Strike two: you relegate Elvis to a pelvic thrust when his importance highlights the background melding of two diverse cultures in the South. To some Elvis is king more for what he represents than for his music. To others he is god.
Strike three: You denigrate a black man by portraying him as a falling down drunk no matter that his style of R&B was both seminal and widely influential. And drinking yourself insensible is nothing if not a guy thing.
Any more of this rusty thinking and you’ll be back in the big house in no time.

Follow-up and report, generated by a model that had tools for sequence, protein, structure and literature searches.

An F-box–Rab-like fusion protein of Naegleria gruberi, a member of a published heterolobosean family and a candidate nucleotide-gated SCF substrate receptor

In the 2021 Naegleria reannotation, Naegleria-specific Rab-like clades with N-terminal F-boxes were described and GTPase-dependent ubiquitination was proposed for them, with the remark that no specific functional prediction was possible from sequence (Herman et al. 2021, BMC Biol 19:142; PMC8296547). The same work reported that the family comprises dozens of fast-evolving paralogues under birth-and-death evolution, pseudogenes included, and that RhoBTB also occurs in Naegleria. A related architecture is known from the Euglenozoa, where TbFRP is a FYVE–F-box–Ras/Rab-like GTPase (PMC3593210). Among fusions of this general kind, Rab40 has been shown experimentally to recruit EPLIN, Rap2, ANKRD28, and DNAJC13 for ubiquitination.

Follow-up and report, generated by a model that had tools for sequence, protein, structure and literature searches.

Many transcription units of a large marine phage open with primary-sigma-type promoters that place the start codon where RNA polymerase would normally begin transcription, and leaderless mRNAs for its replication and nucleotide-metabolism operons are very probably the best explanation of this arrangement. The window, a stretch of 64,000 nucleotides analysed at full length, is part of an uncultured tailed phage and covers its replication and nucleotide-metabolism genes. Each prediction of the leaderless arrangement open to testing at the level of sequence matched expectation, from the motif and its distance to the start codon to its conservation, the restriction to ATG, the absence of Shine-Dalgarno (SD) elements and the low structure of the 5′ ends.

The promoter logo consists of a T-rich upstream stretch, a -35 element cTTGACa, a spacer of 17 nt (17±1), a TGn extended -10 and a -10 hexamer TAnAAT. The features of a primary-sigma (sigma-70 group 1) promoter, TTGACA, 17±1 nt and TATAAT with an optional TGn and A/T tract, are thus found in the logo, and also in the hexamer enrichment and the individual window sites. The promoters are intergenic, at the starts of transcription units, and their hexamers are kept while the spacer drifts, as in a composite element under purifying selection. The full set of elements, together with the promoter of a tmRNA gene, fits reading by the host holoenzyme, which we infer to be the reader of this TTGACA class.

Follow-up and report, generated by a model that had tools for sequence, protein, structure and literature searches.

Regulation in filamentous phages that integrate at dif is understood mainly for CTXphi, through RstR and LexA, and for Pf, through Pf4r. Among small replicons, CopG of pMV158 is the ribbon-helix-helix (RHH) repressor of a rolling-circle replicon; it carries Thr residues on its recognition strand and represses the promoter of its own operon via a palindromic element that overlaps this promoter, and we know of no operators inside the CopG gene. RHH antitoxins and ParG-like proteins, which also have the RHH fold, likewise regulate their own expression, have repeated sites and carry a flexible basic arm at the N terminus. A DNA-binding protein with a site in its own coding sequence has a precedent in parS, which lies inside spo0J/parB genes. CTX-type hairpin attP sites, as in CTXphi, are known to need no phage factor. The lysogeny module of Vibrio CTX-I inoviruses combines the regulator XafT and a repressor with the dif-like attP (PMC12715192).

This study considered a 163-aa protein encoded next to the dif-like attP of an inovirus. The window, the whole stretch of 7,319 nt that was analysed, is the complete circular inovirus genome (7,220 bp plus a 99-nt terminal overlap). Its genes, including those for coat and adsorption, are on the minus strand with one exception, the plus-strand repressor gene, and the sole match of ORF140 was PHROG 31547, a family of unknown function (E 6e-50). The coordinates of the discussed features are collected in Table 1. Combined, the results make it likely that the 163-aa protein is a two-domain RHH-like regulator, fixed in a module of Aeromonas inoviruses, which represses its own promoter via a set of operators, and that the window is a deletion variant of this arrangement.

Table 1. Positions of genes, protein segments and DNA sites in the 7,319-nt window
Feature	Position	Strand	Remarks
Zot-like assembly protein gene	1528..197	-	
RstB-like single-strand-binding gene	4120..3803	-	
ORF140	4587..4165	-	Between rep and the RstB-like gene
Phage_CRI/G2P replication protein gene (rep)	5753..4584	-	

Great essay. I just want to add a personal thought. I’ve seen Dylan in concert at least 4 times. One time, I was able to dance maybe within 10 feet of the stage. That time, I yelled out to Dylan during a momentary break between songs, “we love you” plus a whoop and holler or two of literary and musical approval. Most celebrity musicians smile or wave back when they get that. Dylan just bristled, as if I’d thrown tomatoes at him. His fear of a Mark David Chapman type is understandable, and perhaps he has good reason to fear it. But there’s something else there too (and ZERO Chapman in me), I finally understood it after many years of pondering, when I read the Rolling Stone magazine’s most recent special edition on Dylan (just a year or two ago) which contains RS interviews with Dylan from each decade. During one interview, he objects to the idea that anyone in his audience “loves” him, or that anyone really does love him. First, he explains being truly loved, is that of god for his children, or another human being sacrificing themselves for the health and well being of another. Not an audience member liking his music, he scoffs. This, and other things he said in his interviews, made me finally understand how he sees himself as an artist. He sees himself as working hard (as in a job one loves doing) to do the best he can to be a true artist, not a celebrity or entertainer (though he does what he has to do of that part of the job to survive. Especially entertaining, he tries to choose the right chords to keep the song interesting, he said in the interviews.). He sees himself as trying to compose with a lot of intellectual ideas based on his extensive studies of music, art, and literature, to do his best to contribute worthwhile works of art. If he has an interviewer who understands the ideas in his work (a good metaphor would be the paints an artist uses on a canvass) that Dylan is drawing from to compose a lyric and song, then he says, yes, you get it, and he is pleased he doesn’t have to explain any further. That’s what I’m doing, and add in the time of day, did I sleep well, is there a dog barking, I need a cigarette, that girl next door sure is funny etc. Bob Dylan doesn’t want to hear from me “we love you” (but he doesn’t mind if that feeling made me buy the records or the concert ticket so he can continue to make a living). I hope he would be, though I know it doesn’t matter, happy to know that I played Love and Theft over and over for two years because it tickled my mind, made me feel good, and I wanted to figure out the lyric structures and implied literary ideas in the lyrics on the whole album by listening over and over, and not googling anything, ever. That way it stayed my own artistic experience. I finally, after the RS magazine interviews, understood Dylan’s view of himself as an artist. It’s special, as there are few who both feel as he does and who succeed at it so much, so consistently. Is he a poet or musician, yes, he is both, as Pat Nolan said, but Dylan doesn’t think I love him just because I love Love and Theft (and most of his body of work). He’s just an artist, and those who get it are his audience, and he feels fortunate, he said in a recent interview, that there’s still a niche of people willing to try to get his newest songs, buy the records and go to the concerts.